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Kids and Money

| February 28, 2019
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As a mom of an 11-year-old son, Izaak and an 8-year-old daughter, Amelia, AND a financial advisor, I often think about what financial lessons are important for my children to learn.   I have tried to incorporate some of these lessons into our daily lives.  I realize that every child and every family have different values, goals, rules, culture……. I just wanted to share what has worked for us, in hopes that it may work for others or inspire an idea that will work well for them. 

  1. Some chores are your responsibility as part of the family. For example, Izaak takes out the trash bags as needed and the cans to the curb every Thursday.  Amelia brings in the mail and packs both her and her brother’s snacks for school.  Izaak and Amelia also have other chores.  These chores are their jobs and they can EARN Money, just like mom and dad earn a paycheck.   When they earn money from these jobs, they can SAVE the money in their own bank account or SPEND the money.  This is a choice for them to make. 

LESSONS LEARNED:  We all do things around the house and for other people and do not make money, just for doing them.  We also can work hard and earn money and have freedom to make choices with the money we earn. 

  1. When my children have saved money from their jobs or from birthday gifts, I talk to them about what they want to buy and what it costs. As they have gotten older, I have let them “shop” online so that they can see what things cost and that there are trade-offs-if I buy this video game, then I can’t get that slime kit. 

LESSONS LEARNED:  We may need to save more for what we really want.  We can only spend what we have, as we will not use credit.  We do not have an unlimited supply of money to spend and get everything we want.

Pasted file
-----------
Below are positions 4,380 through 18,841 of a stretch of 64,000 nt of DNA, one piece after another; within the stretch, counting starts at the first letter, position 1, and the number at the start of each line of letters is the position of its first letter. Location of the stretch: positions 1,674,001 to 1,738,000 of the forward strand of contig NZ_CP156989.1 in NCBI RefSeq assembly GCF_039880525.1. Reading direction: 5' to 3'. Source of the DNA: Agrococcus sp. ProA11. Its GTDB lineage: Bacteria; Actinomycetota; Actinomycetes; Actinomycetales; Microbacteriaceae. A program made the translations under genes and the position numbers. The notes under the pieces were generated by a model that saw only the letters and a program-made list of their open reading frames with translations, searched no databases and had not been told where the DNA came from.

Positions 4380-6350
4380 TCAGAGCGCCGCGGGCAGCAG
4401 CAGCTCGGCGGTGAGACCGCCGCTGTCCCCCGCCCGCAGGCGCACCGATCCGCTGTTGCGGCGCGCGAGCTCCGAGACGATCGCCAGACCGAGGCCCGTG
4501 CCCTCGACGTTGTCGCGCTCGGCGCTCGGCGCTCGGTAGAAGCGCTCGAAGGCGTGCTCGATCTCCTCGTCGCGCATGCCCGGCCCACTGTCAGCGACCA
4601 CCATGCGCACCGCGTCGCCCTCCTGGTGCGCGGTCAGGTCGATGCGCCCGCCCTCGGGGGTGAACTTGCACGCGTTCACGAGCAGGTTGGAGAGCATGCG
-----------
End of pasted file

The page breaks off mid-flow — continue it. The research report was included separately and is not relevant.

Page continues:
1. Make it FUN! I bought each of my children an electronic change counter.  It cost less than $10.  They can instantly see the money add up and they love it!  This is in addition to their savings account.  They have gotten change from their grandparents “just because” or from me for good behavior or extra help around the house.   

LESSON LEARNED:  Every little bit adds up. 

  1. Many schools offer a bank deposit program. If your school does, have your children participate in the process-fill out the deposit slip, review the deposit receipt, keep a check register-all real- world skills that will help them, even in this world of online banking.  If the school does not offer it, suggest that they do, or take your children to the local bank after school hours.

LESSONS LEARNED:  This process teaches savings, basic math skills and most importantly, life skills 

These lessons are a work in progress for me and my family and have evolved over the years.  

I would love to know what has worked for you and your family.  Please share with me in the comments section

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